Retired Air Force Brig. Gen. Spruance, 94, dies

He was known simply as “The General” when the National Fraternity of Military Pilots held their Order of Daedalians meetings at the Nellis Air Force Base Officers Club.

He always sat at the front table, always toasted to “the United States of America” and, as a plane crash survivor, retired Air Force Brig. Gen. William W. Spruance was always grateful to be alive.

He died Saturday at a local hospice. He was 94. His friend Bob Shawhan said he had suffered from complications from a fall at his Las Vegas home in October.

“He was the true patriot, loved his country and was a very benevolent guy,” said Shawhan, the Daedalians’ flight captain and an F-86 Sabre fighter jet pilot.

“I know he’s roaming the skies leading a posse of his peers.”

Shawhan said Spruance was “very strong on education” and provided funds for others to attend college.

As an Army Air Corps lieutenant in World War II, Spruance flew rented Piper Cubs as a forward observer for Gen. George S. Patton’s tank division. He had met Patton when he was assigned to the 2nd Armored Division as a field artillery forward observer. At the time, the two were learning to fly private aircraft at a local airport.

He later was transferred to the Army Air Corps and assigned to fly cargo planes over “the Hump” to Burma to make supply drops . He flew 362 missions in the China-Burma-India theater.

William Willing Spruance was born Dec. 5, 1916, in Wilmington, Del. He graduated from Princeton University, where he was a member of the Reserve Officer Training Corp. He was commissioned as a second lieutenant in 1939.

After the war, he became a founding member of the Delaware Air National Guard, establishing the unit in 1946.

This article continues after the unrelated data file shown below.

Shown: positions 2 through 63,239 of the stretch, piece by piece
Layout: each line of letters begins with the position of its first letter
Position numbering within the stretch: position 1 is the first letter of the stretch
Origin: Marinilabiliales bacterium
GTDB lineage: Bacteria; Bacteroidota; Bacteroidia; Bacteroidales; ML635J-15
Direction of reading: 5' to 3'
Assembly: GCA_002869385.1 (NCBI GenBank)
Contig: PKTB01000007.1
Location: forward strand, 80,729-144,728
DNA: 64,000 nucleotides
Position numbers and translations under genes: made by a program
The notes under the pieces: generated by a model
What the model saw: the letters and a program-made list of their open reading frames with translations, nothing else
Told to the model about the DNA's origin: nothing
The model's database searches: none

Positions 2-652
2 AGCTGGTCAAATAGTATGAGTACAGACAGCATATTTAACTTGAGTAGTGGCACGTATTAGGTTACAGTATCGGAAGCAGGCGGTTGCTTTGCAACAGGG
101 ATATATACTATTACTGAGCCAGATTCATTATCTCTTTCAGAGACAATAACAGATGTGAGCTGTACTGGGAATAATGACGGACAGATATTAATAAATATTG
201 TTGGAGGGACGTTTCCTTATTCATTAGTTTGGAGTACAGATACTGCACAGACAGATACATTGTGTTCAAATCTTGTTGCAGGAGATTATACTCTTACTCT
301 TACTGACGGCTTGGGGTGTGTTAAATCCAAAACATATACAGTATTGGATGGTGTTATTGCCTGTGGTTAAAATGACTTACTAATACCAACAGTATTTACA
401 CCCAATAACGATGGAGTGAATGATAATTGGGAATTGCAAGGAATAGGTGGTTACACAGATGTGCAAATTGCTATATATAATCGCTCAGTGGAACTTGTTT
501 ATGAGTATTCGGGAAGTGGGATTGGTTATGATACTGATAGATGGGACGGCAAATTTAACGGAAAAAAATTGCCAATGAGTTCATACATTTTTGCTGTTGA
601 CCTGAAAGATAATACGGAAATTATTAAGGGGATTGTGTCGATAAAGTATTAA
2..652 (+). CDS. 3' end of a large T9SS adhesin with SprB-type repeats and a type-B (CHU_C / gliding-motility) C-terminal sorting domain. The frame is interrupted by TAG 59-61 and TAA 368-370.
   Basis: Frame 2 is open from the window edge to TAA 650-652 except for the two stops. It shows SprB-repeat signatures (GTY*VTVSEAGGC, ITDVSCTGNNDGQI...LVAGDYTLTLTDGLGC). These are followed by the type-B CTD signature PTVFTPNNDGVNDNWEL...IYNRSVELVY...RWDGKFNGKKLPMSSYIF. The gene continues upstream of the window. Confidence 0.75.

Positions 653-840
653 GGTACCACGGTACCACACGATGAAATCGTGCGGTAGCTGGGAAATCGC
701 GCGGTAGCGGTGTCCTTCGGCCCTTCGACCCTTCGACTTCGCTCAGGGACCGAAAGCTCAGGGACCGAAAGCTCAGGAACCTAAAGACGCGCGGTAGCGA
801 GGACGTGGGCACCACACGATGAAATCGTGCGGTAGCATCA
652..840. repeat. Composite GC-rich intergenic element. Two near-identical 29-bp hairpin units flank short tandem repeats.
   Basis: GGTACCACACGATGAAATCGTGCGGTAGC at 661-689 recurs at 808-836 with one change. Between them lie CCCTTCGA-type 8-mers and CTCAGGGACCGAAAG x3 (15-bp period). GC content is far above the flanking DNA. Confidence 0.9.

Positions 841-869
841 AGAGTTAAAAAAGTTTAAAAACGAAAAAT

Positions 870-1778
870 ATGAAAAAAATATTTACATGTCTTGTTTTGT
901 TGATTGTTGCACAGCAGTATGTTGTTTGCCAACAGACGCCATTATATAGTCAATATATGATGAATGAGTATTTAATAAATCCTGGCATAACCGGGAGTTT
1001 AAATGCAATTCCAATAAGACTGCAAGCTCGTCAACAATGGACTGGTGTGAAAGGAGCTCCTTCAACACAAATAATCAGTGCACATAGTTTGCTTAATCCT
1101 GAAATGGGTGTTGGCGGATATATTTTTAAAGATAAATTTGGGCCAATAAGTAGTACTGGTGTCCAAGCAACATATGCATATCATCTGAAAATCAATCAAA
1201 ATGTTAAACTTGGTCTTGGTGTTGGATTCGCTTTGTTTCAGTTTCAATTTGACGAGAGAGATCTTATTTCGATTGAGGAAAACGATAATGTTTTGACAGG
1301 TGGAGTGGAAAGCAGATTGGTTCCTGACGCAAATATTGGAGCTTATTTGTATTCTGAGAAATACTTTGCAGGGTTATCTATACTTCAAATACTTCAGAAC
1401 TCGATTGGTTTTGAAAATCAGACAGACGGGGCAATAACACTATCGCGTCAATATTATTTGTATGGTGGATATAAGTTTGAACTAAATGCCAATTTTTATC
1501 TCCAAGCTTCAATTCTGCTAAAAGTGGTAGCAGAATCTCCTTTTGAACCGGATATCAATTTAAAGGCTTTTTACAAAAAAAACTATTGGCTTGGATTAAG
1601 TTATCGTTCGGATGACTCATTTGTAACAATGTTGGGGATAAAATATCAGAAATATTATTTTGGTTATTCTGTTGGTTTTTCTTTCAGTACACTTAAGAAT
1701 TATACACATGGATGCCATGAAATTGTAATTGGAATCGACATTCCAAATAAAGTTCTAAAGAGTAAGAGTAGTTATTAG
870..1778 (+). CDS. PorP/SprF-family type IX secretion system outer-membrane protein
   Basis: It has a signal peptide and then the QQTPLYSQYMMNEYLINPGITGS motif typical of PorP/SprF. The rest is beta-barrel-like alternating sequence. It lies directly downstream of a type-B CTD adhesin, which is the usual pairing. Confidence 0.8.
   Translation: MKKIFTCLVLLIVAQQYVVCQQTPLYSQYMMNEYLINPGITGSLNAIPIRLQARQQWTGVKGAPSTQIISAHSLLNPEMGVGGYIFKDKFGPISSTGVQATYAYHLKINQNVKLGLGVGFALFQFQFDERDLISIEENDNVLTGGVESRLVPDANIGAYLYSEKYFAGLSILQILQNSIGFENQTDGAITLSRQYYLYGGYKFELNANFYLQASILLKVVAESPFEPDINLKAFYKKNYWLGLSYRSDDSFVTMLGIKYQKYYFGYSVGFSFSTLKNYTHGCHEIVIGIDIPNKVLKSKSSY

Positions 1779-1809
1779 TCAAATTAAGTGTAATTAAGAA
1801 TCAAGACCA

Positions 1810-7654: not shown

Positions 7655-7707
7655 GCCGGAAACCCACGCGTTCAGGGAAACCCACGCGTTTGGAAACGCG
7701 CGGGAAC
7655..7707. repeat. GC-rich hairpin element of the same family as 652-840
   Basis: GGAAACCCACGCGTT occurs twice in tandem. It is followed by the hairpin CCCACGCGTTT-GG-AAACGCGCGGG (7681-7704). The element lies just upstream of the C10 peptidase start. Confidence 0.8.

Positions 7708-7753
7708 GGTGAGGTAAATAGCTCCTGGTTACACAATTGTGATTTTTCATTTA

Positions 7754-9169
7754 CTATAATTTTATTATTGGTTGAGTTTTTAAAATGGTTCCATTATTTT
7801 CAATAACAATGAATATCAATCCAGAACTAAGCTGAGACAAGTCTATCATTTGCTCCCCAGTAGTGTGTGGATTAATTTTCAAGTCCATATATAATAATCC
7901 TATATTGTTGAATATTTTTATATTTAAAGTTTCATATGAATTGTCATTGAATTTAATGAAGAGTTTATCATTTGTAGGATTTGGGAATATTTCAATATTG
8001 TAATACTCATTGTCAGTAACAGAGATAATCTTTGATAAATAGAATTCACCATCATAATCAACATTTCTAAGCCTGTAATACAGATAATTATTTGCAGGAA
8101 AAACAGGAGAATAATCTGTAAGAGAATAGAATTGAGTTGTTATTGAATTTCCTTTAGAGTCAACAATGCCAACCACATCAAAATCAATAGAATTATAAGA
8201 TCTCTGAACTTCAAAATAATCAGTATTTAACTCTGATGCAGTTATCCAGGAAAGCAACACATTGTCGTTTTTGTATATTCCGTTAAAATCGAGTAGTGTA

In 1961, as a passenger in a T-33 jet trainer aircraft, he was severely burned when the plane crashed.

“That’s when he made lemonade out of lemons,” Shawhan said, noting that he made more than 3,000 presentations to pilots worldwide on flight safety and his survival experience. “Pilots have personally thanked the general for saving their lives from what he had said about crash survival.

“He told good stories and was just an interesting guy.”

Spruance also received the Air Force Distinguished Service Medal for one of this three trips to Vietnam to brief troops on the subject.

He served on the governing board of the Air Force Association for 30 years and was a member of the National Guard Association for more than 50 years, including a stint on its board of directors.

He had lived in Las Vegas for about 25 years.

Spruance was a lifetime member of the Daedalians, Red River Valley Fighter Pilots, the Hump Pilots Association, the Republican Men’s Club and Quiet Birdmen, a low-key pilots organization.

In addition to the Distinguished Service Medal, his medals include the Distinguished Flying Cross with one oak leaf cluster, and the Air Medal with three oak leaf clusters. He logged more than 4,500 hours as a command pilot.

He is survived by sons William Spruance Jr. of Fort Lauderdale, Fla., and Thomas Spruance of Wilmington, Del., and four grandchildren.

The family prefers contributions to the Air Force Association, Embry-Riddle Aeronautical University and the National Guard Educational Foundation.

At the general’s request, no memorial service will be held.

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